Harrisburg, Pa.—Oct. 16
Just the day before entering the ring at the Pennsylvania National Horse Show for the North American League Adult Amateur Hunter Final, Jef Lauwers wrote out his two- and five-year plans. On that slip of paper, he documented goals of learning the ways of the smooth hunter trip and traveling up the heights and ranks, which he showed to trainer Peter Pletcher. But before he could let such visions materialize, he needed to accomplish his first stepping stone in the hunters—a NAL victory.
“I’ve never done the hunters because I’m originally from Belgium,” said Lauwers. “I was there until I was 26. I moved here last November—and then I met Peter and started doing the hunters.
“It’s a really different kind of riding,” he continued, noting that in Europe he was taught to keep the horse very packaged to the fences. “And here it’s really loose and really slow. It’s a little of an adjustment, I’d say, because I used to come out of the turn and ride up to it. And now Peter’s like, ‘No, you have to wait.’ So I try to stay as calm as possible.”
But Lauwers certainly is getting the hang of the hunter ride as he won the NAL Adult Amateur Hunter Final with Pletcher’s Sutherland—bringing him just that much closer to his two- and five-year goals of amateur-owner classes and potential professionalism.
From a family of doctors and engineers, Lauwers put riding aside as he focused on school in his later teens. But after working as an engineer for approximately two years, he knew the profession didn’t tug on his heartstrings. So he packed his bags and headed to the United States.
“I was like, ‘I’m over this. I’m going to do something completely different,’ ” said Lauwers who went to the Winter Equestrian Festival in Wellington, Fla. “Then I met Peter and he was like, ‘Oh I’ll help you.’ And it started to go from there. It was actually a really nice switch and really nice for me to get into this world because I love how this sport about the hunters is. It’s really all about the horse, the elegance of the horse and the riding of the horse. It’s one thing to ride a jumper course, it’s another thing to ride a hunter course really smoothly. And I think that’s also really important as a stepping stone to further my career.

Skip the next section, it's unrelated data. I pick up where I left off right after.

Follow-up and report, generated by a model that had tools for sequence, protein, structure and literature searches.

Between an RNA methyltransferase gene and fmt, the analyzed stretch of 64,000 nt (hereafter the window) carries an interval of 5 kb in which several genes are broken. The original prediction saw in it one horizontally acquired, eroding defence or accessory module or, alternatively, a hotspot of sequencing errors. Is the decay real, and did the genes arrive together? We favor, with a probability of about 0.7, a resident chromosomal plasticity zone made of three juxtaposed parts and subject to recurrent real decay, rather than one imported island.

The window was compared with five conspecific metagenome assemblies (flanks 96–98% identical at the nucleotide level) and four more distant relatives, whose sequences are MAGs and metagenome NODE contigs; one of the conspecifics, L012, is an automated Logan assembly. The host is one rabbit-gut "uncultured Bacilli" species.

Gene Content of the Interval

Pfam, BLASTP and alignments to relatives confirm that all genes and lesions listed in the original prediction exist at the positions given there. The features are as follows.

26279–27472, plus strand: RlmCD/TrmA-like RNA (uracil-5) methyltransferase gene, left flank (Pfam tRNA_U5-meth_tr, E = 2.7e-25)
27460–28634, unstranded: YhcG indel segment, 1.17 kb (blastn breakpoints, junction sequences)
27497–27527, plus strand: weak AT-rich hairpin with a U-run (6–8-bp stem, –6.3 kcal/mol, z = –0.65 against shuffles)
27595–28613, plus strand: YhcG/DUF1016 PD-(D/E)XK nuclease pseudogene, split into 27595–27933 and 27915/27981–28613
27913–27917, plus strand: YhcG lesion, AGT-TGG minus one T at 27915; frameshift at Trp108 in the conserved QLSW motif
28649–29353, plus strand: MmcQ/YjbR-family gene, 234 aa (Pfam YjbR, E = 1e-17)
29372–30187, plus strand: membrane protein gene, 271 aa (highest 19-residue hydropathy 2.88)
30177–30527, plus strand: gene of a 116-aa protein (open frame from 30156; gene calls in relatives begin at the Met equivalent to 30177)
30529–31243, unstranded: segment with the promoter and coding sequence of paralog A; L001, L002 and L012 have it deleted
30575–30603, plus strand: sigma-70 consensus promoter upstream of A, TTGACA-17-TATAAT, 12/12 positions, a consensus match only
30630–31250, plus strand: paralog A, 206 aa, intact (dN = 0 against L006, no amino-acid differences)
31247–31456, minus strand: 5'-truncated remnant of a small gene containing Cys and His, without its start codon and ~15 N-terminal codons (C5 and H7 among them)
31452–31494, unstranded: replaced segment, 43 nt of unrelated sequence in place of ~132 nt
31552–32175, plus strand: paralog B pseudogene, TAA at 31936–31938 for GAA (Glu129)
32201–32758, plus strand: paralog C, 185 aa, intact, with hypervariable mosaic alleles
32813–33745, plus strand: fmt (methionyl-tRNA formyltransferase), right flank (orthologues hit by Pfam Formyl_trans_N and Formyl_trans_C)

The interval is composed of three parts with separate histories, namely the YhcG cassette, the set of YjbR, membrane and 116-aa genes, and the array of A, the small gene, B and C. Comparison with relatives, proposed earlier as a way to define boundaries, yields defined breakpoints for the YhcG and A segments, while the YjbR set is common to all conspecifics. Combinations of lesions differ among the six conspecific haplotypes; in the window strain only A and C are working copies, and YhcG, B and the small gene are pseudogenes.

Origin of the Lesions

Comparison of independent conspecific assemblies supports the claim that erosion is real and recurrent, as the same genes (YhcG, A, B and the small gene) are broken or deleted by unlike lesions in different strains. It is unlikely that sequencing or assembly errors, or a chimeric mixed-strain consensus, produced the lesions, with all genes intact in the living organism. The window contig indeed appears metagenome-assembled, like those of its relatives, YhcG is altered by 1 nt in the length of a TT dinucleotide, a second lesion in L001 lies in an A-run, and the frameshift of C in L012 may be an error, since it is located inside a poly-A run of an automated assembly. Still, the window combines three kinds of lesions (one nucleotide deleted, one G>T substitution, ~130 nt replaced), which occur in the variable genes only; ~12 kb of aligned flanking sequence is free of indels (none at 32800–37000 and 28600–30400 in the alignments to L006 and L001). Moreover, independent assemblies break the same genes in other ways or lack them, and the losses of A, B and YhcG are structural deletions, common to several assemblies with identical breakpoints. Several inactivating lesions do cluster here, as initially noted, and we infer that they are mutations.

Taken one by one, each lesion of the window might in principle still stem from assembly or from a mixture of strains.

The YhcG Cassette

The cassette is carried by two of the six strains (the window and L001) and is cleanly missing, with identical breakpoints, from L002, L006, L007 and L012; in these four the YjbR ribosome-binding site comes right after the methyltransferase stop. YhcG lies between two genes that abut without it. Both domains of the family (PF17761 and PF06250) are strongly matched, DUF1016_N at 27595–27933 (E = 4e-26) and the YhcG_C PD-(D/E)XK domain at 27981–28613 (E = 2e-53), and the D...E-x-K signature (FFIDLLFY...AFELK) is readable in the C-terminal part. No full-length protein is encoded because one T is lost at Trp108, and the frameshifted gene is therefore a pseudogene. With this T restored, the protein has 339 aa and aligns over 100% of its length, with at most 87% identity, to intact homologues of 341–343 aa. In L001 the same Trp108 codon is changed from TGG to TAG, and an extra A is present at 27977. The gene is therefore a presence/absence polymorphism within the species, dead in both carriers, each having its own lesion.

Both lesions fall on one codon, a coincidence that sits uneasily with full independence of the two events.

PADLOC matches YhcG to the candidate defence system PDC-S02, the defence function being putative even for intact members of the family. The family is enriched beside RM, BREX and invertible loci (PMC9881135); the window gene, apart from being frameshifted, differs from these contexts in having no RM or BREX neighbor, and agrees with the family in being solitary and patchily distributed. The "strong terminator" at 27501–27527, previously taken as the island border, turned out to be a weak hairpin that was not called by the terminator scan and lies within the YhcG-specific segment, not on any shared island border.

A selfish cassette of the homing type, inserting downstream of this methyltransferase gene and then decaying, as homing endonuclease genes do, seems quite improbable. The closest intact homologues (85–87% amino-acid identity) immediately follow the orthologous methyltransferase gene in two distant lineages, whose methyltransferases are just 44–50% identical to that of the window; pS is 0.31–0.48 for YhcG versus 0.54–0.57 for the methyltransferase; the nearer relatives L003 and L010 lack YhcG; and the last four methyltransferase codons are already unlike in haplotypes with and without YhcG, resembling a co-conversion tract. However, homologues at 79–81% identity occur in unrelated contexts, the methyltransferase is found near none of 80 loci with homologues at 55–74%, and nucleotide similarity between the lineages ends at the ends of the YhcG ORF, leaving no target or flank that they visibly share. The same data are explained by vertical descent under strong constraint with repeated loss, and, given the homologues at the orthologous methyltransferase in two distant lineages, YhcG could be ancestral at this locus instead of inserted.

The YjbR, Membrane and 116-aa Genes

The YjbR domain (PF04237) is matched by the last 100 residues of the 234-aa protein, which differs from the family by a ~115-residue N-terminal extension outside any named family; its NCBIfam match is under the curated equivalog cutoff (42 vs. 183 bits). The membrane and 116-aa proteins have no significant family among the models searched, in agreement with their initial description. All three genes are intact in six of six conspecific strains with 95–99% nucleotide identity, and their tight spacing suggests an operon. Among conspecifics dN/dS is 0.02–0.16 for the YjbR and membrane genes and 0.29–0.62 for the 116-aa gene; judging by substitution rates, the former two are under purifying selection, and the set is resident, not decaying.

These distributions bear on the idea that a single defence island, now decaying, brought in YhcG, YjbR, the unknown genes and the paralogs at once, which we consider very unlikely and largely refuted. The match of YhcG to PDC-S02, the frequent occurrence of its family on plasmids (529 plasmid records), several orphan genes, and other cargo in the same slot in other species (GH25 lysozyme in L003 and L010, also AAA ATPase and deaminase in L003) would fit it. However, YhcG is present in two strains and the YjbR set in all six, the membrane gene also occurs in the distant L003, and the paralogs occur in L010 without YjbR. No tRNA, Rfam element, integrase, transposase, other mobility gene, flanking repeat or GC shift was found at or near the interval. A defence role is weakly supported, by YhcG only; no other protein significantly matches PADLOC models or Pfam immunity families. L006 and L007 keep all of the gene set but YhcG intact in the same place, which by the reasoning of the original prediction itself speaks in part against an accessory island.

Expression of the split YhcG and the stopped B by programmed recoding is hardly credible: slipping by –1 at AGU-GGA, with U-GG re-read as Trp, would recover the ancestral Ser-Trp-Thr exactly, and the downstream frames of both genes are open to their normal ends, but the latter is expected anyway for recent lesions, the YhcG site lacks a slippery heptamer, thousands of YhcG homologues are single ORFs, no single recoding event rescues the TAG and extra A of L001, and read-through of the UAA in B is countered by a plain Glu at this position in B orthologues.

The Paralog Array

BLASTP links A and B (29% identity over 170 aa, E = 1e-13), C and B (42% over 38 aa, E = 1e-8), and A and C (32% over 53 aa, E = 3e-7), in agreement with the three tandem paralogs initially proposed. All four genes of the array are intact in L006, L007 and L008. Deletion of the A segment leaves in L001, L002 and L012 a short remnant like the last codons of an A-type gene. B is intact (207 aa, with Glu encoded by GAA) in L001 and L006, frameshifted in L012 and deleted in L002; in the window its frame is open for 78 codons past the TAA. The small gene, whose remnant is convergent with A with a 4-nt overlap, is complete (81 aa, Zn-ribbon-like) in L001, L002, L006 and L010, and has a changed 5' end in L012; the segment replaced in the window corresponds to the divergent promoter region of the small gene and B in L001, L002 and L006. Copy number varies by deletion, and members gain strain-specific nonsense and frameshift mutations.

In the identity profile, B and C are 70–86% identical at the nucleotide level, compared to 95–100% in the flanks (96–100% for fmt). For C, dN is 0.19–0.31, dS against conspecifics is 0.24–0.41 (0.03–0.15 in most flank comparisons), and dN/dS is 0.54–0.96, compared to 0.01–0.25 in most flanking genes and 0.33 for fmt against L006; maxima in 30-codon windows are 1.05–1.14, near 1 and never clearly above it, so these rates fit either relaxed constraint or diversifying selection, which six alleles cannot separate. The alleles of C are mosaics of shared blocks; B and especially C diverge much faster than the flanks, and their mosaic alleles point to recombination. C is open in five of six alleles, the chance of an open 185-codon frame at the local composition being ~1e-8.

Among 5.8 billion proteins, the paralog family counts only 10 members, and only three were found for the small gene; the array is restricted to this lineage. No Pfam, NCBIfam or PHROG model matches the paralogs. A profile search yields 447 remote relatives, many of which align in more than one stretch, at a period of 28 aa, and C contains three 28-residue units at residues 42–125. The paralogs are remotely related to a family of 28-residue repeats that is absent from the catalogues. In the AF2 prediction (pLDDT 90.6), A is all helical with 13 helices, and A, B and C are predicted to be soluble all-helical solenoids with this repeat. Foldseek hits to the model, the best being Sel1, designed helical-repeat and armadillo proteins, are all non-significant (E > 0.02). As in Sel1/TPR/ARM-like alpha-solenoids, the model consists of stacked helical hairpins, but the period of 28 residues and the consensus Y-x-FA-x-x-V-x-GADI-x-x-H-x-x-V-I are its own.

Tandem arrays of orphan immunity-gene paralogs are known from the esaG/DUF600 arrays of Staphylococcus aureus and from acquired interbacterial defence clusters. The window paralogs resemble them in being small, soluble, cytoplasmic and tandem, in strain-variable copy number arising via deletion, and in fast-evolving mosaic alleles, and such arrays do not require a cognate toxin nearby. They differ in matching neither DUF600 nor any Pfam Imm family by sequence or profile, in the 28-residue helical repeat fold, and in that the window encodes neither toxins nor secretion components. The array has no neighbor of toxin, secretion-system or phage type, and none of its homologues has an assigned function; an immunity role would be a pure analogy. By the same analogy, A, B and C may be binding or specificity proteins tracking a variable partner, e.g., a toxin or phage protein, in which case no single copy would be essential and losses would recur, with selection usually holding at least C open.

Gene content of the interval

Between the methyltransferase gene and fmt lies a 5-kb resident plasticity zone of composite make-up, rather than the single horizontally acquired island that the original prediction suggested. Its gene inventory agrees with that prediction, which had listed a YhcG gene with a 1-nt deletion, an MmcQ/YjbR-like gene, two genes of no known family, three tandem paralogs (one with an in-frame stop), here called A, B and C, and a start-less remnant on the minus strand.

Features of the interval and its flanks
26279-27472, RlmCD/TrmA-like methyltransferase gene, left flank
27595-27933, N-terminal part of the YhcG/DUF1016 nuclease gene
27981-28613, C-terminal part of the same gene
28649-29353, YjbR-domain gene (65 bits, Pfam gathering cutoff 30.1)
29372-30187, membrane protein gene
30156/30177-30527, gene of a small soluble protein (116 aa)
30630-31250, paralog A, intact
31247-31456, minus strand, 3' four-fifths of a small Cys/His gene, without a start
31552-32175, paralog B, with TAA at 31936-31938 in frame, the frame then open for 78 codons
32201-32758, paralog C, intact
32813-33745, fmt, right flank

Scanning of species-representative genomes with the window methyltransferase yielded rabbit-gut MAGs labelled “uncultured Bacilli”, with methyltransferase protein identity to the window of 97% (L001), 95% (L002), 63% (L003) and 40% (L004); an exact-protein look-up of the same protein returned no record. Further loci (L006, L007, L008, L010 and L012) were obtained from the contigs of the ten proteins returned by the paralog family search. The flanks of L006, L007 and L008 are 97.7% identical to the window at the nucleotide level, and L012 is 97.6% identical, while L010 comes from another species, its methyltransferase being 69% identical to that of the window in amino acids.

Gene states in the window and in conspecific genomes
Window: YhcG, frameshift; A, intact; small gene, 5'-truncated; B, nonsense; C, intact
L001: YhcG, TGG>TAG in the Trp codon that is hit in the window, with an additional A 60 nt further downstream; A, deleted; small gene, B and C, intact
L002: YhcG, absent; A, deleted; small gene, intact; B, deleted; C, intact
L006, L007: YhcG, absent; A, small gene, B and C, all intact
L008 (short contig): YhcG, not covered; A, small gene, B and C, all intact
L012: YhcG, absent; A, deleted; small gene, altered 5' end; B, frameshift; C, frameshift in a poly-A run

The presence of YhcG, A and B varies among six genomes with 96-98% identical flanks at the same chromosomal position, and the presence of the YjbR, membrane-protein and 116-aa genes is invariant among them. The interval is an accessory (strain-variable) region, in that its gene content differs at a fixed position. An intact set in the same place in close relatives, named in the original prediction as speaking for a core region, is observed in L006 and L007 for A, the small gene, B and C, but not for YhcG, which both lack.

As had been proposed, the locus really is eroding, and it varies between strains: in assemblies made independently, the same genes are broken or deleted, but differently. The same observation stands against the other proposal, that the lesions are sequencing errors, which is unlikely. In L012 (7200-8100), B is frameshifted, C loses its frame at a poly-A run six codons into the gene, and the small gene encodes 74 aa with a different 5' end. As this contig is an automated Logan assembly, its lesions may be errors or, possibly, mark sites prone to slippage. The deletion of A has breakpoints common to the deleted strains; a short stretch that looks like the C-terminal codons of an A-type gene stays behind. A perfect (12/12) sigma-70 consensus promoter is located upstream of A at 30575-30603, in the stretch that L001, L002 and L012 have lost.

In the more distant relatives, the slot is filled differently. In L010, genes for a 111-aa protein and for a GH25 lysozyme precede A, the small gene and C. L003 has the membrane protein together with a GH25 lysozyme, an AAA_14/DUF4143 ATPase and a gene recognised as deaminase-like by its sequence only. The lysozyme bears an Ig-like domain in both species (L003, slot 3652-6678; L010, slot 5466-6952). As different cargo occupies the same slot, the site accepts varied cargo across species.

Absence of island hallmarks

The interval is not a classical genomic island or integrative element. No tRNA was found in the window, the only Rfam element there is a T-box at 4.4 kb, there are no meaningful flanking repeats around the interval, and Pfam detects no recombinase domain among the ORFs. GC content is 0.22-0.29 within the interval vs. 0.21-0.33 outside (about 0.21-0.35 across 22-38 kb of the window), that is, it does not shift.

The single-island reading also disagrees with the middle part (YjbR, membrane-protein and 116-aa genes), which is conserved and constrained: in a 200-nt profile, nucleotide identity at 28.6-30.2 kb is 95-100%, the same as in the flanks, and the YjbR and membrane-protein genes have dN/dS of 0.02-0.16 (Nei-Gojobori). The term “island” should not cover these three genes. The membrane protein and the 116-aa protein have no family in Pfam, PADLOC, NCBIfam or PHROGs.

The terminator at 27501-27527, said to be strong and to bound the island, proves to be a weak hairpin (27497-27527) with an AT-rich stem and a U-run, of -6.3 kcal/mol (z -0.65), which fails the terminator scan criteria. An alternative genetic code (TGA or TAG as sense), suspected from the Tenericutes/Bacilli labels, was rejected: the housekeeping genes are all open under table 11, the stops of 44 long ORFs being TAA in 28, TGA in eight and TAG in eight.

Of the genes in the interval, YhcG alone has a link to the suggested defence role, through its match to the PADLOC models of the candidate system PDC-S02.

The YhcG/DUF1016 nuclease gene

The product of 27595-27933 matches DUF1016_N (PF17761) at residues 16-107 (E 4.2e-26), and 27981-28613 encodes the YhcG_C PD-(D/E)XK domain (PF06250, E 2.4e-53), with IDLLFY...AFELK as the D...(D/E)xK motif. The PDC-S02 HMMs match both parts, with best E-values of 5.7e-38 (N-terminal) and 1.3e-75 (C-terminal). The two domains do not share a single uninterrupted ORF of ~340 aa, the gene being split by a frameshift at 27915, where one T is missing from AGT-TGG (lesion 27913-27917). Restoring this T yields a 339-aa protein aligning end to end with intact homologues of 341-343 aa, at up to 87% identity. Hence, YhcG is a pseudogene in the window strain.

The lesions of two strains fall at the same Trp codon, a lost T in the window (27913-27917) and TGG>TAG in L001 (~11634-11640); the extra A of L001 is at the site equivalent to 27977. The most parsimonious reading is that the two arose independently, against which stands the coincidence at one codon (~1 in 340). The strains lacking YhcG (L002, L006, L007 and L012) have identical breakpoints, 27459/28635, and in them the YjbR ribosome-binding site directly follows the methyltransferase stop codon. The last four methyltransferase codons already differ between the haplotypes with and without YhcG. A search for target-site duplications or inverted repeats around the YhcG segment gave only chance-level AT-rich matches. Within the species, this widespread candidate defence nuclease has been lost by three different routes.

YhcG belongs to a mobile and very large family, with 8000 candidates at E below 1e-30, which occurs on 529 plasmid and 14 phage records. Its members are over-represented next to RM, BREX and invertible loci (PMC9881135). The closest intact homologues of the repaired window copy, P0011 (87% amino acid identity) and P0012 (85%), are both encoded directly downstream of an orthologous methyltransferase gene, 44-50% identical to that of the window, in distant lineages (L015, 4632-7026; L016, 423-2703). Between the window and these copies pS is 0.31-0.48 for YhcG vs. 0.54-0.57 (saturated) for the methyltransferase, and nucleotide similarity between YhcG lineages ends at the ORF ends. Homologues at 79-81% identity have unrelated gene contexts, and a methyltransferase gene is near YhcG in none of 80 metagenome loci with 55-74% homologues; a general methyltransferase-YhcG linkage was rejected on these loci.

“I’d love to train people and help people,” he continued, “but I feel like I have to become better myself first before I can actually explain it to people.”
Jaden Porter Puts Nerves Aside
Nerves have the ability to gobble up anyone from professionals to first-year equestrians—and Jaden Porter has experienced that first hand.
“I’m a very nervous rider when it comes to finals and things,” admitted the 14-year-old from St. Louis, Mo. But this time as she prepared for the NAL Children’s Hunter Final, she swallowed up those butterflies and kept them at bay.
“I just wanted to be as confident as I could, even if it was false confidence, and feel that I was going to do great,” said Porter. “So it worked. You just have to be confident in yourself and feel that you can do it.”
Porter and Dragonfly’s Acerado returned for the second round sitting in third. But while other pairs crackled under pressure, she and Ace (or “Poodle”) topped the second round with an 87 score to grab the NAL title. Porter just made the move up from ponies this year, with Ace showing her the ropes. Ace was initially Porter’s sister Madelyn’s junior hunter, but now he’s assumed the roll of taking the little sister around the hunter ring.
“She needed a horse, so it was her turn—a nice hand-me-down,” said trainer Stephanie Peterson. “They get along. And they compliment each other very well.”
And coming out of the ring, Jaden beamed. “I just want to thank everyone who got me here, especially my parents and my trainer Stephanie Peterson and making this all possible,” said Jaden. “Because I always wanted to win something big and it’s finally here. So I’m very happy to have this honor.”